enable apt-get autocomplete

Debian Administration

I was wondering how to enable auto complete of packages for apt-get command in Backtrack linux. I recalled a day when I firstly installed Ubuntu on my laptop, and I was searching for a way to manipulate packages. I was not able to know every package nor versioning. Thus, searching on the Internet I finally found the bash_completion. This is a utility with very powerful abilities for users and programmers. In order to understand better what bash_completion is, I advice you to take a look at debian’s article about bash_completion utility .


Now lets tell how to enable this feature if not already enabled.  There are two ways both includes shell commands and the changes last for the terminal session you use.


source /etc/bash_completion


. /etc/bash_completion

From now on you are able to use Tab key to autocomplete / suggest commands like:

apt-get ins [TAB]
apt-get install dove[TAB]
apt-get install dovecot[TAB]
dovecot dovecot-gssapi dovecot-pgsql
dovecot-antispam dovecot-imapd dovecot-pop3d
dovecot-common dovecot-ldap dovecot-postfix
dovecot-core dovecot-lmtpd dovecot-sieve
dovecot-dbg dovecot-managesieved dovecot-solr
dovecot-dev dovecot-mysql dovecot-sqlite
apt-get install dovecot dovecot-antispam dovecot-ldap

If you want to permanently enable this utility you have to edit your



vi /etc/bashrc

You have to find the following lines in this file:

# enable bash completion in interactive shells
#if [ -f /etc/bash_completion ] && ! shopt -oq posix; then
#. /etc/bash_completion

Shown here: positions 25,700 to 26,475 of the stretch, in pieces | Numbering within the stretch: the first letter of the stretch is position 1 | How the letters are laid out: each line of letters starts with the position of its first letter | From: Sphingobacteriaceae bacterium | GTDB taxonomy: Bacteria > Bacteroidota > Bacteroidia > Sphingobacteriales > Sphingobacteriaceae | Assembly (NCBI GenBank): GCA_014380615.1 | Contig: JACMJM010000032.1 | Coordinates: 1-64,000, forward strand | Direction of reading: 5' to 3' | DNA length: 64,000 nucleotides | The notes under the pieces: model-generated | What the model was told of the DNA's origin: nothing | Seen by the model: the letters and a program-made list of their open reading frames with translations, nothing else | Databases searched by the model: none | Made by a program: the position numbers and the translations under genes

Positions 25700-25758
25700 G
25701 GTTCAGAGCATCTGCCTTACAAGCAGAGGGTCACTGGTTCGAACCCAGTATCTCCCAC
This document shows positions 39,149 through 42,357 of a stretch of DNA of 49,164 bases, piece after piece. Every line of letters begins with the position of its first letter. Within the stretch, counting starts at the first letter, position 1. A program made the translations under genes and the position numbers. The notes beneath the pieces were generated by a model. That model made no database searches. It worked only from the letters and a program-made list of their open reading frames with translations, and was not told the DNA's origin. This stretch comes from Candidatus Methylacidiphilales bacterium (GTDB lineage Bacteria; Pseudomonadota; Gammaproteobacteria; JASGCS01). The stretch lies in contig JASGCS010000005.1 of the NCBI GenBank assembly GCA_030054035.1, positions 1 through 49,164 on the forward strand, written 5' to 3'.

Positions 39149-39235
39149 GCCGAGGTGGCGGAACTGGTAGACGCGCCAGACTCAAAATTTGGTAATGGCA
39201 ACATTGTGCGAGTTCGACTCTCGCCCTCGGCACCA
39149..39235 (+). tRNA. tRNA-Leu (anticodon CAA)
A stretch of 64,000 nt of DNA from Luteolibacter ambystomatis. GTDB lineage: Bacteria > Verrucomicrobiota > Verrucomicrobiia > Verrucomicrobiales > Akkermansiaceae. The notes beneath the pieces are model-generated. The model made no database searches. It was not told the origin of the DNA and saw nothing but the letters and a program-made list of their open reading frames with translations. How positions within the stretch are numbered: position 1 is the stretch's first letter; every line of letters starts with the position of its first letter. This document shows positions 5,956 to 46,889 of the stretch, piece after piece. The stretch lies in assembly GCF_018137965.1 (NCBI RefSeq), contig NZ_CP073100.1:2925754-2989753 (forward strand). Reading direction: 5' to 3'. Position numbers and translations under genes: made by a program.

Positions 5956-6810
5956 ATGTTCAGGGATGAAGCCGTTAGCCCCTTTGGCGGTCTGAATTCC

and uncomment (deleting the #) the following lines

if [ -f /etc/bash_completion ] && ! shopt -oq posix; then
. /etc/bash_completion

This how to, tutorial enable apt-get autocomplete, is the same for all debian based distributions like ubuntu, linux mint, debian, kubuntu, backtrack linux and more…


How To: Customizing Fortunes

Ever wanted the bubble above the “fortune-teller” animal to display something that you have created(with YOUR Name of course)? It’s pretty simple to display your “words of wisdom” as fortunes each time you open the terminal or perform a console login.
1)First of all, create a file containing the fortunes that you want to display. Begin the contents of the file with a % sign. Then fill it with the phrases, expressions or sayings of your choice. Remember to separate each phrase using the % sign.
2)Generate a “.dat” file for the file that was created in step 1. This can be done by using the “strfile” command as shown below

strfile -r filename

Now a “.dat” file with the same name as the file created in step 1 will be generated.
3)Go to the directory “/usr/share/games/fortunes” (with administrator privileges!). This directory may vary and can be found out from fortune man page.
4)Simply copy and paste the files created in steps 1 and 2 into the directory in step 3.
5)Prevent sayings by Shakespeare or other people(no Offense!) from popping up by deleting their corresponding “.dat” files.(I strongly advice you to make a backup of these “.dat” files before getting rid of them!)

Close the directory and you are good to go! Show it off to your “Windows obsessed” friends. Let them know about the Flexibility that Linux offers!

ONLY for those who like to get to the bottom of things:
strfile command as described in its man-page “reads a file containing groups of lines separated by a line containing a single percent `%’ sign (or other specified delimiter character) and creates a data file which contains a header structure and a table of file offsets for each group of lines.” This header and offset table are used by the fortune program to display the fortunes contained in a particular file. When a particular entry in the offset table is added to the header value, it points to the corresponding fortune which then gets displayed. The “-r” option causes the entries in the offset table to be arranged randomly. This is because, even if the offset table entries were read in a sequential manner we will still get randomized fortunes.
unstr command takes the “.dat” data file as input and prints the contents of the original file (the one containing fortunes separated by ‘%’ character) in the order in which the offset table entries were made.